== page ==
samples and ne = 16 elements. The initial discretization consists of ne = 4 triangular elements with samples at the four corners of the probability space and one in the center. The refined discretization leads to more samples in regions of higher probability in combination with a good spread of the sampling points for accurate interpolation. That shows that SSC is effective in discretizing the correlated inputs of the HyShot II case given by the MCMC data points. At ns = 11 samples the first estimate of the aleatoric uncertainty propagation error is obtained. The mean pressure field and standard deviation in the cold combustor are given in Figure 12 for the 11 aleatoric samples. These results are based on two-dimensional steady Reynolds Averaged Navier Stokes (RANS) simulations,8 with the Spalart-Allmaras turbulence model at constant specific heat ratio γ. The relative value of the energy residual is converged up to 10−4 . In the mean pressure field, the shock train in the combustor can be recognized. The standard deviation is highest near the shocks, particularly at the shock wave/boundary layer interactions (SWBLI) where the shock train reflects from the combustor walls. The magnitude of the standard deviation is approximately 1% of that of the mean pressure, compared to a 2.1% and 0.2% input CV for the angle of attack and the altitude, respectively.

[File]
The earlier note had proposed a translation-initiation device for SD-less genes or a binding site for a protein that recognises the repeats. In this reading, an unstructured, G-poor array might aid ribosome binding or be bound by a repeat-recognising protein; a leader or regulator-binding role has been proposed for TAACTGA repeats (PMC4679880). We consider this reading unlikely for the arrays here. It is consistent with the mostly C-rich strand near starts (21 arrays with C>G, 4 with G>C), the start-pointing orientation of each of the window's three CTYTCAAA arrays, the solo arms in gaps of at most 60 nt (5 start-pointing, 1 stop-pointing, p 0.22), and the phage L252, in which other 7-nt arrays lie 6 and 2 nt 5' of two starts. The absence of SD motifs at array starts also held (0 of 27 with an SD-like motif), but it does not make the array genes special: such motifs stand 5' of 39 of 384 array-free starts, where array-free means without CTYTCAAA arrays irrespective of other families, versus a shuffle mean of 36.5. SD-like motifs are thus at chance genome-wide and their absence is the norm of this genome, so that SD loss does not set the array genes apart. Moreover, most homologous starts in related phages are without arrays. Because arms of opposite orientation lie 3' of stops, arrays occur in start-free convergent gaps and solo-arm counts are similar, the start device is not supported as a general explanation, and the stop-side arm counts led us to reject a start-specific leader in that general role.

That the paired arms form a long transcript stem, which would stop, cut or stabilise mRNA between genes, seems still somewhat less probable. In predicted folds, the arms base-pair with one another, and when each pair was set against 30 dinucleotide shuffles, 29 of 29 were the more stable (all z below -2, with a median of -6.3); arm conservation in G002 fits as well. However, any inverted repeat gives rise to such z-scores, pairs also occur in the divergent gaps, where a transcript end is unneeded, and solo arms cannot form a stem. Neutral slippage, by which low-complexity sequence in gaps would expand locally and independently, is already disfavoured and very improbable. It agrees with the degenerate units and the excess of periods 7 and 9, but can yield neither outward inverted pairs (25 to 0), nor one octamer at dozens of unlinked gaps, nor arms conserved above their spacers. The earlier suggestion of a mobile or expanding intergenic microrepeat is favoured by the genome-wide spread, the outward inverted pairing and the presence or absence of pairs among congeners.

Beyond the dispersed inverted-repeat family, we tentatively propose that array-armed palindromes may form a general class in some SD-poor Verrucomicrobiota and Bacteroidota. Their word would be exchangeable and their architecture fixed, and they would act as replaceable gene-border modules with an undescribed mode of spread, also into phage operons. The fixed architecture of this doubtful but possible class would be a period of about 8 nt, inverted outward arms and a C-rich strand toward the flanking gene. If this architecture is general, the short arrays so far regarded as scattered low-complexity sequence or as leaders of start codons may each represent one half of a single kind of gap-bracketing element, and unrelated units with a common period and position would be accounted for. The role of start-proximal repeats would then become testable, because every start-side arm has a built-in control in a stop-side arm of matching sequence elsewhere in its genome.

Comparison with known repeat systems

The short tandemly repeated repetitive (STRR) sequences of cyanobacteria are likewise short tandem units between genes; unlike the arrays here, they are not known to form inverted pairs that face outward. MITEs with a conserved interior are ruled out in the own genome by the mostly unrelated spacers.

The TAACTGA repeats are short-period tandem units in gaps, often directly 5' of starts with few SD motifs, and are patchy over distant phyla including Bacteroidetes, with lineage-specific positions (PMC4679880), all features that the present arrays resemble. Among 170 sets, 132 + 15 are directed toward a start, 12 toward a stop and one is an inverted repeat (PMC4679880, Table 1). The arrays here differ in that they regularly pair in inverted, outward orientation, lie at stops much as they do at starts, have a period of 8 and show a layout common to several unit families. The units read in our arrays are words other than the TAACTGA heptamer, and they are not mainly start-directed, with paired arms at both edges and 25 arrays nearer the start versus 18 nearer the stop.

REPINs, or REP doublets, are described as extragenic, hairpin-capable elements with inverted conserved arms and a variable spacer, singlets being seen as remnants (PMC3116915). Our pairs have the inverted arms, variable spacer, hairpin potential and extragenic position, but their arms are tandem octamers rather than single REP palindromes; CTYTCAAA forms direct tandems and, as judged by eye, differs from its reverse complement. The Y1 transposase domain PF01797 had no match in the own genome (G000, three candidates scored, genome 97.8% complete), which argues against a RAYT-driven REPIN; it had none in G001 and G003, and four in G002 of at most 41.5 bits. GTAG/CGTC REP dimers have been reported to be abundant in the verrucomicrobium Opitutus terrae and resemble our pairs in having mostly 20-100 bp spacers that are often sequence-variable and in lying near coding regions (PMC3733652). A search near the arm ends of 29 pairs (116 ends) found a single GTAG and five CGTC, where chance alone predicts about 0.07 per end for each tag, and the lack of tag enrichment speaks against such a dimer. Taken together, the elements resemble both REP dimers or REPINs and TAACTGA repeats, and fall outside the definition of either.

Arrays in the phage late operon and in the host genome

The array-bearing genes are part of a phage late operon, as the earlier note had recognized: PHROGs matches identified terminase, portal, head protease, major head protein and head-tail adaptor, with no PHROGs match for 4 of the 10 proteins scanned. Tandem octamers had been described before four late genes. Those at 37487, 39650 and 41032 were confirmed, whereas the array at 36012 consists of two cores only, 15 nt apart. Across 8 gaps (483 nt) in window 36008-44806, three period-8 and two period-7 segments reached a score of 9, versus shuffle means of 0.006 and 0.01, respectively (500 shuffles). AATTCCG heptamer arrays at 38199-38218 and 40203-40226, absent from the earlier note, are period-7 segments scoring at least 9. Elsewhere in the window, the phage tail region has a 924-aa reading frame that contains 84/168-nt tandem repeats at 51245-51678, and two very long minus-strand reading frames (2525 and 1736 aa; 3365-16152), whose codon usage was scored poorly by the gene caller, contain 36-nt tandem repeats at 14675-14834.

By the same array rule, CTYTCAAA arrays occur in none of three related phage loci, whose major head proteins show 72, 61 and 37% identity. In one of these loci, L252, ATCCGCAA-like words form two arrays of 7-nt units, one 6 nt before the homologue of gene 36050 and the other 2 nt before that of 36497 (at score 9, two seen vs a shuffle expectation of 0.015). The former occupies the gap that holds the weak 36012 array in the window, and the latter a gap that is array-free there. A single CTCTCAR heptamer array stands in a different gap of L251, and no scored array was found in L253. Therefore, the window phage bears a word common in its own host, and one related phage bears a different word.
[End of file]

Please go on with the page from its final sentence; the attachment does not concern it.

Figure 12. SSC results for the mean pressure and standard deviation fields for the cold HyShot II combustor with aleatoric flight conditions: Top figure denotes mean and bottom figure denotes standard deviation.

Wall pressure at the transducer locations is shown in Figure 13 in terms of the predicted mean, and the 99% computational and experimental confidence intervals. Thus aleatoric uncertainty alone does not fully account for the discrepancy with the experiments or with the size of the experimental uncertainty bar. V.B.

Epistemic turbulence model